YC Partner Adora Cheung covers the importance of defining and tracking KPIs to understand how effectively your startup is reaching its goals.
- you aren’t tracking a key metric yet
- your KPIs aren’t growing weekly
- you are tracking too many KPIs
- you and your cofounders argue about which KPIs to track
Adora: All right. So, I am going to be talking about setting your KPIs and goals for early-stage startups. So, I’m going to be pretty pedantic in this lecture. And the reason why is doing this correctly is a necessary condition for starting a successful or building a successful startup. So, the acronym KPI stands for key performance indicators. If you Google around for it, there are actually many definitions of what this actually means. But for the purpose of today, for this context, I’m going to define it as a set of quantitative metrics that indicate how healthy your business is doing.
So, this is important because, obviously, you should know what state your business is in at all times. So, setting the right KPIs and goals will objectively tell you if you’re doing well, just okay, or bad. So, nothing keeps you more grounded, humbled, and realistic about where you are then a bunch of numbers because if you interpret those numbers correctly, they don’t lie. It’ll also actually act as a feedback mechanism for whether your current strategy like user acquisition, launching new features, and so on and so forth, are actually working. So, if you do something and things go up, that’s probably good. If you do some things, some things go down, that’s probably bad.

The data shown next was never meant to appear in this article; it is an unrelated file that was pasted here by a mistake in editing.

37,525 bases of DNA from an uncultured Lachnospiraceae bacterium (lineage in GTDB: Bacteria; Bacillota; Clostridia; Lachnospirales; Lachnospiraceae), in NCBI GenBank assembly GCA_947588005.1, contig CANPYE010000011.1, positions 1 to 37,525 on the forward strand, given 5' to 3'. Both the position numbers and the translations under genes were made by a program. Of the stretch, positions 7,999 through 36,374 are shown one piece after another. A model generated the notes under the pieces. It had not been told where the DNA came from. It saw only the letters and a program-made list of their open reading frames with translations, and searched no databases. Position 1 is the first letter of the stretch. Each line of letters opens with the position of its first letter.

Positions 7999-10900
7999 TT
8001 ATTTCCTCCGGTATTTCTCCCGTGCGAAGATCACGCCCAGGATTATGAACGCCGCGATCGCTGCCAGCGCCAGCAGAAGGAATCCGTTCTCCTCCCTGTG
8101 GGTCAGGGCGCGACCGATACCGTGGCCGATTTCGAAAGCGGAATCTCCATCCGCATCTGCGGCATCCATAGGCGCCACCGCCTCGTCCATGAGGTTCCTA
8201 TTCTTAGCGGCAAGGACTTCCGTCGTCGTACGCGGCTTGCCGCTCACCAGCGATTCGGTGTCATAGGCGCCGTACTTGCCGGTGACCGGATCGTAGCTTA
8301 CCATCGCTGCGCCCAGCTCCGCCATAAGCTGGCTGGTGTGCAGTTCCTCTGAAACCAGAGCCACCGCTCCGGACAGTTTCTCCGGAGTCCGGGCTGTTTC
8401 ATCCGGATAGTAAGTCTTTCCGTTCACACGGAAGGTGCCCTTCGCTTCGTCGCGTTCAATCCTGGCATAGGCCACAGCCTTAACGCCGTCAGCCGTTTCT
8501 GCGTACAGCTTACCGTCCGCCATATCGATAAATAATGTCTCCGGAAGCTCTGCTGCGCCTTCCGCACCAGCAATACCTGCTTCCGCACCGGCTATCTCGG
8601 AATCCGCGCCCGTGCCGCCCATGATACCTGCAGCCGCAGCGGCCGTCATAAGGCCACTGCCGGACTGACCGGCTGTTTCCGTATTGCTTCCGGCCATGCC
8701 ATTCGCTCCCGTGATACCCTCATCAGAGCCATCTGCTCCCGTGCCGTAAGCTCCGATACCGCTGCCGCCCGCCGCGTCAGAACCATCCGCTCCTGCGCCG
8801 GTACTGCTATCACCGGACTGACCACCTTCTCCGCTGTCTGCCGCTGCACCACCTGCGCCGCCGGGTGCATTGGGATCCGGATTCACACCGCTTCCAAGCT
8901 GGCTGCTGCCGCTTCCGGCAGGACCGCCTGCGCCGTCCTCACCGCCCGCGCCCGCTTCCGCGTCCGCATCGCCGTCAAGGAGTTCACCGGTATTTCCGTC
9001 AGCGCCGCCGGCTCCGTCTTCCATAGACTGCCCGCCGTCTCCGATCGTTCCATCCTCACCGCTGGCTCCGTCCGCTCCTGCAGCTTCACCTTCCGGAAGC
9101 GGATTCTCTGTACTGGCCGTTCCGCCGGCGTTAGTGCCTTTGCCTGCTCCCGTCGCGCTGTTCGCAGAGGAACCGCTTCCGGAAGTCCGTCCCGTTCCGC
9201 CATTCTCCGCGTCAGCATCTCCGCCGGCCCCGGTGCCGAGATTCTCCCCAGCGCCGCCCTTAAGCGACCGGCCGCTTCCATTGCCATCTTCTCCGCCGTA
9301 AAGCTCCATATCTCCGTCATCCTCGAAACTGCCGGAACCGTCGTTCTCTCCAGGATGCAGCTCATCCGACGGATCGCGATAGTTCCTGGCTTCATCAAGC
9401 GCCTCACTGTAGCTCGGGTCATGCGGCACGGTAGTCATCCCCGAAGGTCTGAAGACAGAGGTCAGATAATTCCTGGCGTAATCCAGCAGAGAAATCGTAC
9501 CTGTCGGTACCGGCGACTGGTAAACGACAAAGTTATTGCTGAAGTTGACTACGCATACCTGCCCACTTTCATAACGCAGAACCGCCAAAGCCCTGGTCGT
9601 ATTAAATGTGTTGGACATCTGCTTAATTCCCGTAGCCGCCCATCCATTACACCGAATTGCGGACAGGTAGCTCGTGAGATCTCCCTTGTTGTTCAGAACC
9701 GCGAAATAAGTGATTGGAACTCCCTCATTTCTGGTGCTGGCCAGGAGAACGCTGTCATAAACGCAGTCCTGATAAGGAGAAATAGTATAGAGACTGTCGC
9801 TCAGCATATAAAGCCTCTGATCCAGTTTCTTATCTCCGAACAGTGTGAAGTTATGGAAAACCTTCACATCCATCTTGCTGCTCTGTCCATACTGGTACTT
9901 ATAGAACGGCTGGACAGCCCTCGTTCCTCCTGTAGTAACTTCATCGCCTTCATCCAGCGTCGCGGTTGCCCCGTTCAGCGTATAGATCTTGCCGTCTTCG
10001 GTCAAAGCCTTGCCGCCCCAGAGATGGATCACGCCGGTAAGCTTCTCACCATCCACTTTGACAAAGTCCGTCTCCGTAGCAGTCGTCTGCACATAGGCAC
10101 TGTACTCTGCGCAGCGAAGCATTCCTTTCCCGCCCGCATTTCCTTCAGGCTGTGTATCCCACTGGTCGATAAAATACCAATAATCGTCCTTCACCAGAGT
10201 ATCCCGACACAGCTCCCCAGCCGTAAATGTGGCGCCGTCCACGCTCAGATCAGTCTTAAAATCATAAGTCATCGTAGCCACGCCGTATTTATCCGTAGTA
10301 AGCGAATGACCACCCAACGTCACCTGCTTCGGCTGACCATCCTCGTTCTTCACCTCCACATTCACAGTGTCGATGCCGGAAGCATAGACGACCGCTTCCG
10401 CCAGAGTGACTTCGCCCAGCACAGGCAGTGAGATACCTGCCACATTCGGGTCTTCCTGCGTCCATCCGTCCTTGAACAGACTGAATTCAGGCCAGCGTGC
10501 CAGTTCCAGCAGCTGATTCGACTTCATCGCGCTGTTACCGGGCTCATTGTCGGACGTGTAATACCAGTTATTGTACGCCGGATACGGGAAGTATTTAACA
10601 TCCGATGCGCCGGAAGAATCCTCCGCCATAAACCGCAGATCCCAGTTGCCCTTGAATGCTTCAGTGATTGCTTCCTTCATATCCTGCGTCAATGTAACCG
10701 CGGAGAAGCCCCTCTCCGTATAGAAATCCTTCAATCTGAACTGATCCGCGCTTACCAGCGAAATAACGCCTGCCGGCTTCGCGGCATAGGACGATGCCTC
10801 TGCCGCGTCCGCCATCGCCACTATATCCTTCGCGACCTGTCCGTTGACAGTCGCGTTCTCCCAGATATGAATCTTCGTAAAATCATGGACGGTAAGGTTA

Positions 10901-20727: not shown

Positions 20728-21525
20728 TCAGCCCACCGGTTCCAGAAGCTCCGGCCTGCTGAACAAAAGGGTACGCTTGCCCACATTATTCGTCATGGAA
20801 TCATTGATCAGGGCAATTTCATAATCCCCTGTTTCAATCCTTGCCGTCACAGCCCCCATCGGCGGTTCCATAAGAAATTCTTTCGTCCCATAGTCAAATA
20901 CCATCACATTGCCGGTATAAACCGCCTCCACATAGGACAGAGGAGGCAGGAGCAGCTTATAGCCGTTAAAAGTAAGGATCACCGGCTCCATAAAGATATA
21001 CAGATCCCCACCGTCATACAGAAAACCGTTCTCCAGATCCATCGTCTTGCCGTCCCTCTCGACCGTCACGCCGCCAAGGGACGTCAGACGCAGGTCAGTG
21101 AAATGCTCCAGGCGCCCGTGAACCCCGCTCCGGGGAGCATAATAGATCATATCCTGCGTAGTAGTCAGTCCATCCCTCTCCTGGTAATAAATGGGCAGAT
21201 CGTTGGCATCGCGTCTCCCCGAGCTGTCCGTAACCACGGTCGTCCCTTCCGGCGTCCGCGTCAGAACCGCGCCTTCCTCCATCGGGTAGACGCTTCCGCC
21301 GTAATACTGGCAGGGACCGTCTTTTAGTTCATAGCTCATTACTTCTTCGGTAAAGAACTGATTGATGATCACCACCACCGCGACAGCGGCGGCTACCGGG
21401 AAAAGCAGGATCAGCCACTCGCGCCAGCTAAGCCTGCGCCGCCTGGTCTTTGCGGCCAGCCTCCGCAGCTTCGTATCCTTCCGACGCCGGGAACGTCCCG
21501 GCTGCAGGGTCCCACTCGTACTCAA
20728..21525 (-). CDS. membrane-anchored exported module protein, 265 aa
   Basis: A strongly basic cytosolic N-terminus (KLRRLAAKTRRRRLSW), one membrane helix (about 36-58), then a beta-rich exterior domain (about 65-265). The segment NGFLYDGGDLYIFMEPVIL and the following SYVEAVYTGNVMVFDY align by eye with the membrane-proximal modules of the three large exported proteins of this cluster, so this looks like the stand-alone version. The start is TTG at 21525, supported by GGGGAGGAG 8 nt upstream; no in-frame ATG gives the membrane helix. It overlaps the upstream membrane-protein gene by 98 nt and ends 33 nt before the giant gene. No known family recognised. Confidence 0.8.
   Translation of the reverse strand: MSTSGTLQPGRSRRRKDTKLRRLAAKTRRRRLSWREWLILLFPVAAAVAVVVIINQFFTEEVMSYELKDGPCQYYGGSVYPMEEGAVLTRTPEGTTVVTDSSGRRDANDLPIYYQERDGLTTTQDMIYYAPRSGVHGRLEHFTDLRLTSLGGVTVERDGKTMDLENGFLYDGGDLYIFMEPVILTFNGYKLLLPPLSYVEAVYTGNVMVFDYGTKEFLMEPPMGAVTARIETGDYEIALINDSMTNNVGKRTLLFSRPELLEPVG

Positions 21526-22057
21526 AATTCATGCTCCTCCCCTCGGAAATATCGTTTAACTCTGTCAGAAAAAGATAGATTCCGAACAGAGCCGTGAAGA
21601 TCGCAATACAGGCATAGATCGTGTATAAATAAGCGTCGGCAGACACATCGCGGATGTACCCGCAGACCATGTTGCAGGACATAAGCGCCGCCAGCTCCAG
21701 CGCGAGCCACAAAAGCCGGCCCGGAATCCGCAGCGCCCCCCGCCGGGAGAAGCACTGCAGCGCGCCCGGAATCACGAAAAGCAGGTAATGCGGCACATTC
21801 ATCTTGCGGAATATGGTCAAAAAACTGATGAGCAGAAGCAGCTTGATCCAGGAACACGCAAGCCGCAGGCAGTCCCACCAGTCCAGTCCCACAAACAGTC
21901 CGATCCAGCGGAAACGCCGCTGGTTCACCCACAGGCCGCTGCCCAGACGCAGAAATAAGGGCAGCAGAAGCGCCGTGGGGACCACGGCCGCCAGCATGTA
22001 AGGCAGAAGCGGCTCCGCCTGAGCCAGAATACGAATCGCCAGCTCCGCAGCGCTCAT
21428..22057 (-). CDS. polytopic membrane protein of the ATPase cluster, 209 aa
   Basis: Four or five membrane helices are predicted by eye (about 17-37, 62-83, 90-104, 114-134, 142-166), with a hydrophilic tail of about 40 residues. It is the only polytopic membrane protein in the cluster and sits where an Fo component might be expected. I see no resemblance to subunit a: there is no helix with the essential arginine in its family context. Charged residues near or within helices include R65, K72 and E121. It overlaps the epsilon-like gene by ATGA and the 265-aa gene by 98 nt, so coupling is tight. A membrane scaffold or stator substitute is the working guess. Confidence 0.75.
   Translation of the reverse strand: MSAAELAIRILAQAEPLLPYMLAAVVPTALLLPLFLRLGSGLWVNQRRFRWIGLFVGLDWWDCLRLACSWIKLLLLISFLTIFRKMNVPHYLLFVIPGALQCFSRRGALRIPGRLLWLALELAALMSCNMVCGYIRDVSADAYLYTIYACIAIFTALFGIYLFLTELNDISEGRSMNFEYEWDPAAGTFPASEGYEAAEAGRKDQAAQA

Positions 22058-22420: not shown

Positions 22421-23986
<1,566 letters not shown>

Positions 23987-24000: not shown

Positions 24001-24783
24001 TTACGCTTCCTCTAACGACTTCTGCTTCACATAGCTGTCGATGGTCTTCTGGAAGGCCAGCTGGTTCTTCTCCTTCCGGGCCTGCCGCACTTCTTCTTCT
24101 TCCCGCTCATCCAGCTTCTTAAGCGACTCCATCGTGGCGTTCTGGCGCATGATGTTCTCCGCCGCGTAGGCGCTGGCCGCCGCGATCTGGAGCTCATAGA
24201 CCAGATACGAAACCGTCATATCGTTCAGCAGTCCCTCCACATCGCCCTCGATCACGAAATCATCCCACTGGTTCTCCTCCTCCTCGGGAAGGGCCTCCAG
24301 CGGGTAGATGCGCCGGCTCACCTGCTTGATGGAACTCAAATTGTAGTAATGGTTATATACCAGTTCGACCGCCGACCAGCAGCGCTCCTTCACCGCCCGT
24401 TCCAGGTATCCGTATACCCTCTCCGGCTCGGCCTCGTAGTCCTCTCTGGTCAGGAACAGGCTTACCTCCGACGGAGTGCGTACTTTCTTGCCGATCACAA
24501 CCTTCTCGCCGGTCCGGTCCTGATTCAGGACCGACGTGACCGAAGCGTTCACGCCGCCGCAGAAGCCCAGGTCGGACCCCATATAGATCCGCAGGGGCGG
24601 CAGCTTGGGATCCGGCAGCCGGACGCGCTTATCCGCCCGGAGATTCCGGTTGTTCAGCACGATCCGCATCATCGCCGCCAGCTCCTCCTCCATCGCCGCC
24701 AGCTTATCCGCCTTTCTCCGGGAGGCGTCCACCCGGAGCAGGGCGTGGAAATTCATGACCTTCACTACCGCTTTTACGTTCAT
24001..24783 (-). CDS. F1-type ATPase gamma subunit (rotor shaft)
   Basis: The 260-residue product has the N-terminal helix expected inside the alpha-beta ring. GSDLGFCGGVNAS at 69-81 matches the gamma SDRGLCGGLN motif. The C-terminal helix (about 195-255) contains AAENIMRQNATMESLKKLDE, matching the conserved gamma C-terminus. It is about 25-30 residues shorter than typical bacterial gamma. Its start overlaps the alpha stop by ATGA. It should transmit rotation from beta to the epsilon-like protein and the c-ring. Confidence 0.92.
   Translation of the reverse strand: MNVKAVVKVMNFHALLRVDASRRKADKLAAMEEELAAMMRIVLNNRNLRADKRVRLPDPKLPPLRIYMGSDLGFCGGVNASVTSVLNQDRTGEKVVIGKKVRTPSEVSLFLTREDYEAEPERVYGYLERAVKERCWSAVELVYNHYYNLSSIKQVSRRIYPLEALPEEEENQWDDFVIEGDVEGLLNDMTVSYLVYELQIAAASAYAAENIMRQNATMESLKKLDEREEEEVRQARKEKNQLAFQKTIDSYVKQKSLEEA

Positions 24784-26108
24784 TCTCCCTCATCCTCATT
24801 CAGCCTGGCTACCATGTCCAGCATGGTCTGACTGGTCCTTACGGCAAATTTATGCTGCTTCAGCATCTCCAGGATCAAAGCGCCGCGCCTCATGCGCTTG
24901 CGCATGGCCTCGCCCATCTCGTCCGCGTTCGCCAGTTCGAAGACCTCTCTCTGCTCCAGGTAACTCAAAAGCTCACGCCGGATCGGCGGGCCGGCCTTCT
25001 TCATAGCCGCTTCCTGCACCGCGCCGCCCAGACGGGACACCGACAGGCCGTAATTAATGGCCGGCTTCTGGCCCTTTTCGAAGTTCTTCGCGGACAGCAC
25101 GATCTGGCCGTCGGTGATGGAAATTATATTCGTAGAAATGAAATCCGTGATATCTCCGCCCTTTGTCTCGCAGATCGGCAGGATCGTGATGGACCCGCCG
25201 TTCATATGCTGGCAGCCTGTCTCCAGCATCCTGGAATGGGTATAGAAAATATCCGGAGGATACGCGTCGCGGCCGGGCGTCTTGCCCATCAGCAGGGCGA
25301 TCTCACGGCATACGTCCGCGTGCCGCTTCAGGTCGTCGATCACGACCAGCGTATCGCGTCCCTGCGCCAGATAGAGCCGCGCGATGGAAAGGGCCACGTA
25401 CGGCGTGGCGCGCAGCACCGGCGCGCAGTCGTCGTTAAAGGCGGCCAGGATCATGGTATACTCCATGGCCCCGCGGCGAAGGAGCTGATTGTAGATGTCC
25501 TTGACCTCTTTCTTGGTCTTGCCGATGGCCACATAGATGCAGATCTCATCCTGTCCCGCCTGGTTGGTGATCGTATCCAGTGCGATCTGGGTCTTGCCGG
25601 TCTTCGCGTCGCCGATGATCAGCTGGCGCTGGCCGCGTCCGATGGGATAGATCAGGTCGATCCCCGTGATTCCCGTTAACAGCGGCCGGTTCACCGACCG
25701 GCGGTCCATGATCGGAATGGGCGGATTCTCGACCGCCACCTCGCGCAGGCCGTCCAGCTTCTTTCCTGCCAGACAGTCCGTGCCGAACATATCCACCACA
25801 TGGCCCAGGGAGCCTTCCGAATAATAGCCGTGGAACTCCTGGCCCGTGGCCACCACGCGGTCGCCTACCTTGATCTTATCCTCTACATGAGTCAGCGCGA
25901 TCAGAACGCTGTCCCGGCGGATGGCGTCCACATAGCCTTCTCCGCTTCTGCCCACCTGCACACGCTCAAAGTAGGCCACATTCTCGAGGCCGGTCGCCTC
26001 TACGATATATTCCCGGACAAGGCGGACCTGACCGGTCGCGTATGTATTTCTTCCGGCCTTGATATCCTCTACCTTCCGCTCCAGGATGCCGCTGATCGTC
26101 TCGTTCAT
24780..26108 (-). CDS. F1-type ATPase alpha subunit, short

And it will not only help you prioritize your time but also course correct. So it follows if you do this incorrectly. If you set your KPIs and goals incorrectly, you can direct your startup into a bunch of circles. Or if you do it for too long on to the wrong path, it’ll lead to its unnecessary demise. So, what are the right KPIs to set? I’m going to break this down into two pieces, primary metric, and secondary metrics. And most of today is going to be focused on the primary metric.
So, every week in Startup School, we’ve asked you in the software to fill out, to define your primary metric and then update its current value. By definition, you can only pick one primary metric. And it’s the metric, if you had to, you’d be willing to bet the whole company on. So, why just one metric? It’s a way to focus and keep things very simple. If there’s a way to get 90% of the job done with just one variable, that’s better than having a bunch of variables that gets, let’s say, 91% of the job done. In this case, the job to get done is quickly determining how well your startup is doing. So, what are the characteristics of a good primary metric? There are four of them.